ANC MPs applaud Mkhwebane's ‘important’ Reserve Bank comments

 Busisiwe Mkhwebane. Picture: Jaco Marais
Busisiwe Mkhwebane. Picture: Jaco Marais

Public Protector Busisiwe Mkhwebane may have crossed the line when she instructed Parliament to amend the Constitution and change the mandate of the Reserve Bank, but ANC MPs applauded her for initiating an important debate on how the country could fight poverty.

Mkhwebane’s report into allegations of maladministration, corruption, misappropriation of public funds and the failure by the government to recover public funds from Absa bank, published in June, became a talking point when her office appeared before Parliament’s justice committee yesterday to account for the 2016/17 financial year.

While Mkhwebane has increased the number of finalised cases, reduced case backlog, reached out to hundreds of far-flung communities, the debate during yesterday’s parliamentary meeting centred around the controversial report – especially her “instruction” to the parliamentary committee to initiate a process that will result in the amendment of the Constitution.

MPs questioned Mkhwebane about the legal advice she received in drafting the report, from whom she received it, her understanding of the law, especially as an advocate, and on the powers of her office.

Opposition MPs were more scathing with at least one, Economic Freedom Fighters’ Sam Matiase, suggesting that it would be better if she resigned to protect the image of the institution.

Matiase charged that Mkhwebane had bungled a crucial case from which the state could have recouped a lot of money that could have been used to uplift the poor.

“All you should do is resign,” he said to objections from ANC MPs.

“We were deeply shocked and disappointed when we learnt of the remedial action proposed in the Absa-Reserve Bank matter, particularly that relating to this committee where we were basically instructed to amend the Constitution with certain wordings,” said Steve Swart of the African Christian Democratic Party.

“My concern is what type of legal advice would you have received to bring that kind of remedial action instructing the chair of this committee and Parliament to amend the Constitution as you saw fit,” Swart added, describing Mkhwebane’s remedial action as ill-advised.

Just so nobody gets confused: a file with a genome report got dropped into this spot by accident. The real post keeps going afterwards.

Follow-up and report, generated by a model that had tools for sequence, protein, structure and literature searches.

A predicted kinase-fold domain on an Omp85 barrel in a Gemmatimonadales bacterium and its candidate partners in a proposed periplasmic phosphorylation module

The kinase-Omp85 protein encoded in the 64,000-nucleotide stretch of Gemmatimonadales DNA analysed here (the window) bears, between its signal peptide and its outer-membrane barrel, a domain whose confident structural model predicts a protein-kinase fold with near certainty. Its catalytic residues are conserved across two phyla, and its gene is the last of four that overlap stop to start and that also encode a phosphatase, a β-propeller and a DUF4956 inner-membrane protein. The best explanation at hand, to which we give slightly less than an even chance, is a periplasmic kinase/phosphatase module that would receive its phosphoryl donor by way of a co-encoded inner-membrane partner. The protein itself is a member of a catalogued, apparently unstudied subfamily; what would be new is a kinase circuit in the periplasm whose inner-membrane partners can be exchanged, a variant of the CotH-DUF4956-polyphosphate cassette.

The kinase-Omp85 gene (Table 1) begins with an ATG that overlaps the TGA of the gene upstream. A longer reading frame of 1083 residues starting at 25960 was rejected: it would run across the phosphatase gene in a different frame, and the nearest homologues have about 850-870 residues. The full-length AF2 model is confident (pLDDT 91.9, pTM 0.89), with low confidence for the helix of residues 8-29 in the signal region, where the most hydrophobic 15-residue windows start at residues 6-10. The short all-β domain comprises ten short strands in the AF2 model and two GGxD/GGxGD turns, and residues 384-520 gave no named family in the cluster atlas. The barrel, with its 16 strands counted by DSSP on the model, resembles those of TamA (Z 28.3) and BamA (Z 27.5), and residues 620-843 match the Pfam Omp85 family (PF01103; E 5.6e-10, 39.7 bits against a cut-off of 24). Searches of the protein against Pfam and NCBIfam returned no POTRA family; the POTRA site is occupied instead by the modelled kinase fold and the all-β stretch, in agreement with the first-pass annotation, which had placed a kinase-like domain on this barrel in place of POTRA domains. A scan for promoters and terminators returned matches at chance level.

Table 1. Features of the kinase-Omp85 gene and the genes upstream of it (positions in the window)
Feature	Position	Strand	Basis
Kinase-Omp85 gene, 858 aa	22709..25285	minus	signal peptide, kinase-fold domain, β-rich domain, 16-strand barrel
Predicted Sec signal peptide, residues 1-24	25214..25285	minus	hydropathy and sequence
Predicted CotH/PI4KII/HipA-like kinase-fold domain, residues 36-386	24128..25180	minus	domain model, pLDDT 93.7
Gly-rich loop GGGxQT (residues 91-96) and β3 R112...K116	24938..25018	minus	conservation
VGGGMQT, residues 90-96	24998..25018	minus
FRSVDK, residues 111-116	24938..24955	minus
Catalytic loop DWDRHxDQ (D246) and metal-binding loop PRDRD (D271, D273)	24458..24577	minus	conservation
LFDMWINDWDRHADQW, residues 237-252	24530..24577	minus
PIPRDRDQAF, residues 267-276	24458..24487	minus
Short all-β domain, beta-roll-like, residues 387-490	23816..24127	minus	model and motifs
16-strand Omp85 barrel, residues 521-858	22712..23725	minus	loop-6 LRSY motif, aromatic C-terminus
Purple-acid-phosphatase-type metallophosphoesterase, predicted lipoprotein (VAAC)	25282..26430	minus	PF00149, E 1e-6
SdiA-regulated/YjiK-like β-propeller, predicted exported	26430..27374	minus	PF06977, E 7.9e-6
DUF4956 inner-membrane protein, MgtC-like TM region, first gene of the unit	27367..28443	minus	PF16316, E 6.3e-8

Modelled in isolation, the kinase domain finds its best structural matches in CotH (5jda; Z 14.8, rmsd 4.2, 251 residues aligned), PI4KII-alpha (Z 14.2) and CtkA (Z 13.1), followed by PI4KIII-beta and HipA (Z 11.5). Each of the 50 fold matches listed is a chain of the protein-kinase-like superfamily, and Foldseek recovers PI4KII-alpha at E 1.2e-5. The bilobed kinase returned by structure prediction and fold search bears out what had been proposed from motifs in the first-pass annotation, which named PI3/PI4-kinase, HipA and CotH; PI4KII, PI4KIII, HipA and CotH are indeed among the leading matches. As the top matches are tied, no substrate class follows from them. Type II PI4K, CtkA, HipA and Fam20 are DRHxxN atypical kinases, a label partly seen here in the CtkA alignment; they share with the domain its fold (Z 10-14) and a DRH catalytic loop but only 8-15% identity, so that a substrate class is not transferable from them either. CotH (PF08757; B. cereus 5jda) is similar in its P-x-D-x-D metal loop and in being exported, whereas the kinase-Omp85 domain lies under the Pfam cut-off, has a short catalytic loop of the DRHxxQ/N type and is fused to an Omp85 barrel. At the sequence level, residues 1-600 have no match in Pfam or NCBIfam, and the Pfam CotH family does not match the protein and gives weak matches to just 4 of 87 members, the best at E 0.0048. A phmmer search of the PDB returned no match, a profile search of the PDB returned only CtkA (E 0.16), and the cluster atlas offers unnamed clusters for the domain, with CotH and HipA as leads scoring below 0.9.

Advocate Glynnis Breytenbach from the Democratic Alliance followed in the same vein: “Who provided you with such disastrous legal advice? And as an advocate, why did you follow such advice?”

But ANC MPs had Mkhwebane’s back. They also heaped praise upon her.

“Your sin is that sometimes you do, in certain cases, touch the nerve of the monopoly capital, and according to them, you must be pushed out,” ANC MP Loyiso Mpumlwana said.

“The work that you have done … honestly and objectively, this is a distinction,” he added.

Mpumlwana is one of the ANC MPs who went behind the party’s back to request the Public Protector to extend her state capture investigation to other institutions including the Treasury.

Bongani Bongo, another ANC MP, urged Mkhwebane not to be deterred by the criticism of her remedial action regarding the Reserve Bank, saying this was an issue that still needed to be pursued because South Africans’ eyes were opened by what Mkhwebane had written about the role of the Reserve Bank and on issues of ownership.

“I think it’s a political matter that must still be pursued,” he said.

The justice committee’s acting chairperson, Charlotte Pilane-Majake, agreed with Bongo.

“Indeed you burnt your fingers in terms of overstepping your mandate by instructing Parliament to make an amendment, but that doesn’t take away the importance of the content of the report because the report was looking at how we can fight poverty as South Africans. It was looking at instruments to fight poverty,” she said.

Mkhwebane explained that it was never her intention to be instructive or to instruct Parliament to amend the Constitution but to recommend that “this needs to be looked into”.

Mkhwebane had later withdrawn the controversial remedial action and did not oppose it when the Reserve Bank challenged it in court.

Another matter that raised temperatures in the meeting was the Public Protector’s catering and travel expenditure which skyrocketed between the 2015/16 and 2016/17 financial years.

The catering expenditure had jumped from R424 299 in 2015/16 to a whopping R1.35 million in the financial year under review.

The institution’s travel expenditure had also skyrocketed from R3 million in 2015/16 for domestic travel and subsistence to R7.3 million, while international travel jumped from R895 000 to R2.1 million in 2016/17.

Mkhwebane explained that a lot of the expenditure had been incurred by the time she took office.

She also explained that the office utilised holidays to promote access to the office and in those roadshows, it provided catering.

She told MPs that she had not travelled overseas since her appointment and the travelling costs were incurred by her predecessor, Thuli Madonsela.

During her term, Madonsela was constantly criticised by ANC MPs for overseas trips including those she took to accept international awards.

Andisiwe Makinana
Parliamentary journalist
City Press
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